Recently retired Islanders captain Doug Weight was announced as the King Clancy Memorial Trophy recipient, awarded to the player that best displays exceptional leadership qualities and commitment to his community.
Latest Islanders stories
"I'm beyond honored and excited," Weight said when reached by telephone in Las Vegas. "Leadership on and off the ice is something that I've always considered to be very important. I'm proud that my teammates nominated me and it's pretty exciting coming on the heels of my retirement."
Weight has been involved with many charities throughout his 19-season NHL career, but his primary focus has been working with those that benefit cancer patients. His 18-year-old cousin, Jeff, died of a brain tumor when Weight was 15.
"I think it's part of your job. We can help people in our community that don't have as much as we do," Weight said. "To be in that position is a big responsibility. Once you get involved in it, it's a wonderful thing. It's a great feeling to give back and a great thing to teach your children."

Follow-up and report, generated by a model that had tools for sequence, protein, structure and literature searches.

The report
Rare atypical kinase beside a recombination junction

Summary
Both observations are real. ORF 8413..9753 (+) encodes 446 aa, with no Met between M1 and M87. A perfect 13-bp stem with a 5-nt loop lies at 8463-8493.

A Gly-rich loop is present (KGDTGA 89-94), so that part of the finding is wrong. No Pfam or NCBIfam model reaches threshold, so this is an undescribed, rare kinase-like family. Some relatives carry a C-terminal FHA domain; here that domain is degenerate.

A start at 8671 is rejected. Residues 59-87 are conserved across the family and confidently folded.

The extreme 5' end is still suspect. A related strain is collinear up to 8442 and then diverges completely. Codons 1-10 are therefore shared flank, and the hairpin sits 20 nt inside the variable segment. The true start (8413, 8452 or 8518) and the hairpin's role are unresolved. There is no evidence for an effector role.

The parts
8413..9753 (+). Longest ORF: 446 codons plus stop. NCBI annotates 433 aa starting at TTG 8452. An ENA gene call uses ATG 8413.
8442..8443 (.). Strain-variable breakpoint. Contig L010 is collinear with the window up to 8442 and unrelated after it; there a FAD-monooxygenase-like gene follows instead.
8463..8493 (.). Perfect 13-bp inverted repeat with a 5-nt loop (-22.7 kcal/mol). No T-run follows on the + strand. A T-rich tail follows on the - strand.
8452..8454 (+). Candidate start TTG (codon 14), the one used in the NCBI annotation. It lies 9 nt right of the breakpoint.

Weight will fly from Las Vegas to Minneapolis for this weekend's draft in his new role as an assistant to general manager Garth Snow.
Since hanging up the skates last month, Weight said he has been involved with almost all of the Islanders' offseason and predraft meetings as well as the contract discussions about young players Grabner and Kyle Okposo, who recently signed five-year deals.
The 40-year-old veteran admitted he doesn't have as much insight to offer on the draft-eligible players under the spotlight this weekend but that his involvement has been worthwhile to him.
"It's been a great learning experience," Weight said. "I think that's why you have to have trust and delegation. As an organization you have to find people you trust to find and that's certainly the direction we are going."
Weight's appearance at the draft table for the first time as a member of Islanders management will be his first real draft experience.
Weight was at an Olympic camp that conflicted with the draft in 1990 when he was selected in the second round (34th overall) by the Rangers, so he never even got to hear his name called.
He said he's excited for the first-hand experience Friday. "I'm sure I'm going to see some wild things this weekend."